How I Became an Elephant

When she was 14 years old, Juliette West set out from California on a quest that would take her through Thailand to learn everything she could about the elephants and their plight. A small camera crew joined her, and the result is a movie that’s touching hearts and fueling action in the United States and around the world.

Early on in her journey, Juliette meets Asia’s famous “Elephant Lady,” Lek Chailert, who has risked her life and freedom for more than 30 years to protect elephants from illegal trade and abuse. Together, these two determined women from opposite ends of the earth work to save elephants, stopping at nothing to expose the dark secrets within entertainment and logging industries that are steeped in greed and corruption. Together, these two determined women from opposite ends of the earth have had some impressive successes protecting elephants.

The two women have had some impressive successes. But elephants, as we know, are still being captured to meet the demands of increasing tourism and entertainment in countries such as Thailand, where they are severely mistreated and suffer malnutrition. Thousands more are pressed into hard labor in Myanmar to support the logging industry. As a result, wild populations are plummeting – from 100,000 at the start of the 20th century to a mere 5,500 today.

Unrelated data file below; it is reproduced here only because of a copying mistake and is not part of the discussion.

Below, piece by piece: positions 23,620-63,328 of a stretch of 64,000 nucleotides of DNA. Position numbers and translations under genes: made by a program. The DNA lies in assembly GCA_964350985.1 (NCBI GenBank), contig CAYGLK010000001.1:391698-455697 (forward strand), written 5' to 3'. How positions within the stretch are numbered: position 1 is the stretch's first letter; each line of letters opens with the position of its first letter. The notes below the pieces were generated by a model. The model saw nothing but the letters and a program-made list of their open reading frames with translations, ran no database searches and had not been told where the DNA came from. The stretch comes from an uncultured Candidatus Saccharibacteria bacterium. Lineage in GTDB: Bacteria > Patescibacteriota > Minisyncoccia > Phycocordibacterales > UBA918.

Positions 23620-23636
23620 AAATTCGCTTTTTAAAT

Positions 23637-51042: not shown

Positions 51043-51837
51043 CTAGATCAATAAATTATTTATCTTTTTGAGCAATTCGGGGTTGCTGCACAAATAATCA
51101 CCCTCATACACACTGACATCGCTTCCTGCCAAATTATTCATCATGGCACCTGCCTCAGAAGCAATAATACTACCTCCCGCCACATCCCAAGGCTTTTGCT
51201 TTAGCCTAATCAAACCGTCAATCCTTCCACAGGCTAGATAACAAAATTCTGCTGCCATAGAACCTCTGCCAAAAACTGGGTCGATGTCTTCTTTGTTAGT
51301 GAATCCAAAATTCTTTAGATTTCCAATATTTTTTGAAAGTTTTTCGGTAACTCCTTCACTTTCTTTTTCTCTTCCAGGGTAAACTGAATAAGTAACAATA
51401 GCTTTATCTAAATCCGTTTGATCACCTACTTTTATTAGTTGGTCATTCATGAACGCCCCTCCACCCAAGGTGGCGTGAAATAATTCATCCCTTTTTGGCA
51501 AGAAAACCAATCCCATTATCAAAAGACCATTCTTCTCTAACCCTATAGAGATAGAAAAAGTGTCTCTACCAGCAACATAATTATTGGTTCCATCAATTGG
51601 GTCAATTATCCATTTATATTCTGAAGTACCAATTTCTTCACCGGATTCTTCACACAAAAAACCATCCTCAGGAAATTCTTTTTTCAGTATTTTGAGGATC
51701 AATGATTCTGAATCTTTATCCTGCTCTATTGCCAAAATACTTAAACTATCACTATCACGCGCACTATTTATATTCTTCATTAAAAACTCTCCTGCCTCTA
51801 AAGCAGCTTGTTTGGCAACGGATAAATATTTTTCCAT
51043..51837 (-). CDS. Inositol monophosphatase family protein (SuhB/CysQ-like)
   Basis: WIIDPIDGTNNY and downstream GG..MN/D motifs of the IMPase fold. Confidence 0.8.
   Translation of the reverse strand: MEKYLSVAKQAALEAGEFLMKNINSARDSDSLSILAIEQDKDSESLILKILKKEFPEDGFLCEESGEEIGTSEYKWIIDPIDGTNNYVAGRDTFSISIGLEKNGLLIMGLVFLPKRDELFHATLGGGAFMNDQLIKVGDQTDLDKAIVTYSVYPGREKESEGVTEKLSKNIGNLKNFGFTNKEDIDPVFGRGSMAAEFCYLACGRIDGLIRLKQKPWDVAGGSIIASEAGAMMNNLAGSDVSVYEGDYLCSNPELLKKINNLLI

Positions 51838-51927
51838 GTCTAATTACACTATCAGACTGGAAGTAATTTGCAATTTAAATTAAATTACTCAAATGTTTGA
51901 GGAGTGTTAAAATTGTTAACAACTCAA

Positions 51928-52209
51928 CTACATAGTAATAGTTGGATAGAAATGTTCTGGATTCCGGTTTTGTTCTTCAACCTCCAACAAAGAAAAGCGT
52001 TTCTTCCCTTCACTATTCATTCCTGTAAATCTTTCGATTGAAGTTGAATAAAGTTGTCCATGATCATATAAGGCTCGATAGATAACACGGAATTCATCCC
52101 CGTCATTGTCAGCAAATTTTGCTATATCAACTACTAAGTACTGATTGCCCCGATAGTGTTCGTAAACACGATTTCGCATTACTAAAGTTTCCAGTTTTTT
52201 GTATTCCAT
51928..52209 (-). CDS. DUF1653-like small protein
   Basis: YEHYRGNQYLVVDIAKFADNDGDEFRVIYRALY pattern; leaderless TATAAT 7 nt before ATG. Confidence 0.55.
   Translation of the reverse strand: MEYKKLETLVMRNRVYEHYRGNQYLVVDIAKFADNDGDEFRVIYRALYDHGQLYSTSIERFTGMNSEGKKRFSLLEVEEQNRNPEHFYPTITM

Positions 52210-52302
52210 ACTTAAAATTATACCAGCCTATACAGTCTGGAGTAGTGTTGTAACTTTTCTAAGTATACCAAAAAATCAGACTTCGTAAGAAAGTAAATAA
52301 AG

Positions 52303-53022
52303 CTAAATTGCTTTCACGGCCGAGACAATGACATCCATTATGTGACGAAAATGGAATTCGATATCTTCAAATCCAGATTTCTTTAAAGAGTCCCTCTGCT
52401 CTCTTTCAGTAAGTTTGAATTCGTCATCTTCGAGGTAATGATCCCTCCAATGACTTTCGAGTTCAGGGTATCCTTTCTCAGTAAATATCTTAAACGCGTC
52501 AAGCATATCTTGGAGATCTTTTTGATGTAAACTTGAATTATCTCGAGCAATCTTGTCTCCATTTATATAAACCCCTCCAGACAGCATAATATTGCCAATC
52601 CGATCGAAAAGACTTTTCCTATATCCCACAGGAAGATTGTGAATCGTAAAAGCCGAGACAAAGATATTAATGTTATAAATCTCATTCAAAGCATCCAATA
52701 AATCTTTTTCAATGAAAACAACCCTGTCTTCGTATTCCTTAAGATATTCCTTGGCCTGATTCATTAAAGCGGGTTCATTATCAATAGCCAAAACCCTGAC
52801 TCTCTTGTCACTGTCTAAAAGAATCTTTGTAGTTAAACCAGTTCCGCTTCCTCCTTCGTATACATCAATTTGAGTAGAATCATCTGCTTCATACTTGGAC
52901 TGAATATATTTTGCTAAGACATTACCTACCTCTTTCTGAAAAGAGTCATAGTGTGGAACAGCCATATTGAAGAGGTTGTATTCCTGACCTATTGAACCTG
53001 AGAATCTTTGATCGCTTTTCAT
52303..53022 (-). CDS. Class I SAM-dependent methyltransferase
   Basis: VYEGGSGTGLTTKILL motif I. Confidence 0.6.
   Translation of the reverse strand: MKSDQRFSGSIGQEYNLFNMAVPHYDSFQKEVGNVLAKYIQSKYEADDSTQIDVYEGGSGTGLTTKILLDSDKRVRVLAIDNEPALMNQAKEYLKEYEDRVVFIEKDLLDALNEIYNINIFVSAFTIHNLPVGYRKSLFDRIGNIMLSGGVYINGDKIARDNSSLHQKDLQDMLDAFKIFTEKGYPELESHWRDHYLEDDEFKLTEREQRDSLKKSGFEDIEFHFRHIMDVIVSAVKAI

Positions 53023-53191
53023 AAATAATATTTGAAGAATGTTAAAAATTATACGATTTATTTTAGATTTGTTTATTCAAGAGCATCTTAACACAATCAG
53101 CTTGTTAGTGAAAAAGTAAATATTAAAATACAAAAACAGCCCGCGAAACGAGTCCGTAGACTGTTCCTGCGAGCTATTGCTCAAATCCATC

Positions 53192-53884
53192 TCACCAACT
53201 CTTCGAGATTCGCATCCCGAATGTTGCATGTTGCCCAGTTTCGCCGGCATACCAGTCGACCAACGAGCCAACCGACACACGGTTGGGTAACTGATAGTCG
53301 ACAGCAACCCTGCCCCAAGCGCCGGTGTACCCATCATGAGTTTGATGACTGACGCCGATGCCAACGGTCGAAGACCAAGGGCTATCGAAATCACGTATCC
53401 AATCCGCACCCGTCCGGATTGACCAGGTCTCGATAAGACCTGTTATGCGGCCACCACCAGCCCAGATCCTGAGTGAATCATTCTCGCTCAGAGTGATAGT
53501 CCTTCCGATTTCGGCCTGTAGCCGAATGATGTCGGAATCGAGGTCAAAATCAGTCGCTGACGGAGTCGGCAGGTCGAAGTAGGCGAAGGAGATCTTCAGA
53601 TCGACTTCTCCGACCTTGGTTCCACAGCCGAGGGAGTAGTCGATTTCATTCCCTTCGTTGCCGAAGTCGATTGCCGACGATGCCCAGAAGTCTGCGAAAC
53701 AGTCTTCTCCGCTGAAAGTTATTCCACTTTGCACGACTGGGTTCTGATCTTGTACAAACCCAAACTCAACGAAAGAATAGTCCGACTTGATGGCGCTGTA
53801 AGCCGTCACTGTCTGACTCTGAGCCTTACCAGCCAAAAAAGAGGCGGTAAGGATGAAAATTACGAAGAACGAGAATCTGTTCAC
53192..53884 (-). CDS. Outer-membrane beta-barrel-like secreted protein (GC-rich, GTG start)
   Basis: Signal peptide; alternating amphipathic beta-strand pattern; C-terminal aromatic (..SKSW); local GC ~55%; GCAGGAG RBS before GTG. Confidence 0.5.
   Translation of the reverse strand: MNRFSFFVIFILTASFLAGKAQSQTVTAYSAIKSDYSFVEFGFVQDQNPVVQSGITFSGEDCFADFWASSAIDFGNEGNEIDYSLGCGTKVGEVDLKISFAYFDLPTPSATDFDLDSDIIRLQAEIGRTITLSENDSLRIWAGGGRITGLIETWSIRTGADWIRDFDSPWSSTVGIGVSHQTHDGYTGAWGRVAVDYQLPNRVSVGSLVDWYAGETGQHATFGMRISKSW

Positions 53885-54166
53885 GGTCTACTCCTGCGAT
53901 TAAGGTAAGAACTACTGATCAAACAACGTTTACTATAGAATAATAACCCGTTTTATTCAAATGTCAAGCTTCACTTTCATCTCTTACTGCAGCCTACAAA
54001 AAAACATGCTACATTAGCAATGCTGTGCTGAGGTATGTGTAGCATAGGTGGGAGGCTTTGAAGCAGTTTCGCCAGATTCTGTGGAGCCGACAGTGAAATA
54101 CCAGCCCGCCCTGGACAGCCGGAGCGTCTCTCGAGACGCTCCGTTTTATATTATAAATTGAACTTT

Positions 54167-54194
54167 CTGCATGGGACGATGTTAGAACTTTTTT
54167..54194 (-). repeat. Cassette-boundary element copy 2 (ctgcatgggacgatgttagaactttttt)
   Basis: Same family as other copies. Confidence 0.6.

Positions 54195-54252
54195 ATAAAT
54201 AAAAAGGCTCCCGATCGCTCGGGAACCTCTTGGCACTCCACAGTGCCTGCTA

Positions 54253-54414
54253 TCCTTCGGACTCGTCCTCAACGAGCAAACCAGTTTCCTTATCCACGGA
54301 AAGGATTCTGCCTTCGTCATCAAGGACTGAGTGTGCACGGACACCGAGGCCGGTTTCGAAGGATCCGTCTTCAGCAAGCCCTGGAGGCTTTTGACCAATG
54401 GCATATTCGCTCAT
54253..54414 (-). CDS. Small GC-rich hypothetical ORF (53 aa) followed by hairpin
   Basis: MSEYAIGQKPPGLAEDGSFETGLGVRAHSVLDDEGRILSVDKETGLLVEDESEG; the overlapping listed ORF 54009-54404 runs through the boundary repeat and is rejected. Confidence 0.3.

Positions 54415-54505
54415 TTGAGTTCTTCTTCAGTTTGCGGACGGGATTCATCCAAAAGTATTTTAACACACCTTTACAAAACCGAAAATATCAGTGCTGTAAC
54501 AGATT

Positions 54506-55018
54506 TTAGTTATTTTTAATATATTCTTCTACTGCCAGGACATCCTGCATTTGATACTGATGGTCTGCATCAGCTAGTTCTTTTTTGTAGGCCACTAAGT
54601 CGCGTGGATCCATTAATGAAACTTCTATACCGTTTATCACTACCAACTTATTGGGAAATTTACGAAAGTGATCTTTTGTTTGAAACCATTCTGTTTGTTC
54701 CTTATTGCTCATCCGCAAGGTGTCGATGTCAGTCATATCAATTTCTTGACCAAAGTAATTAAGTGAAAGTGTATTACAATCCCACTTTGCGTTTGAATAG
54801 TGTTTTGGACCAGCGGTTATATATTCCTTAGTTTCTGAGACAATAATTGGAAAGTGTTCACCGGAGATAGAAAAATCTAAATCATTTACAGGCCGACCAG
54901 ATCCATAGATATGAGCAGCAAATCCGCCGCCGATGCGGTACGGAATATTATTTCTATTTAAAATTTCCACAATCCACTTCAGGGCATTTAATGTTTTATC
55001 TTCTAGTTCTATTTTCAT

For Juliette, now 18 years old and still at high school, the elephants have become her life’s work. She gives talks around the country, providing youth with the tools they can use to develop their own leadership abilities as effective animal advocates. On her own website, JulietteSpeaks, young people can find answers to their biggest question: “How Can I Help?

Back home in Los Angeles, she has been part of the successful campaign to ban bullhooks from the city, and part of the ongoing campaign to provide better living conditions for Billy the Elephant in the LA Zoo.

How I Became an Elephant has become the cornerstone of an inspiring program to save the world’s elephants before time runs out on them. Here at the Kimmela Center, we’re delighted to be able to provide the movie to you at less than half the price of commercial sources. Just click on any of the links on the video above. You can rent the movie (subtitled in numerous languages) for $5.99 or for $10.99 for the Director’s Cut Deluxe edition with deleted scenes, etc. Or buy the physical DVD professionally packaged for $19.99 (also subtitled in numerous languages).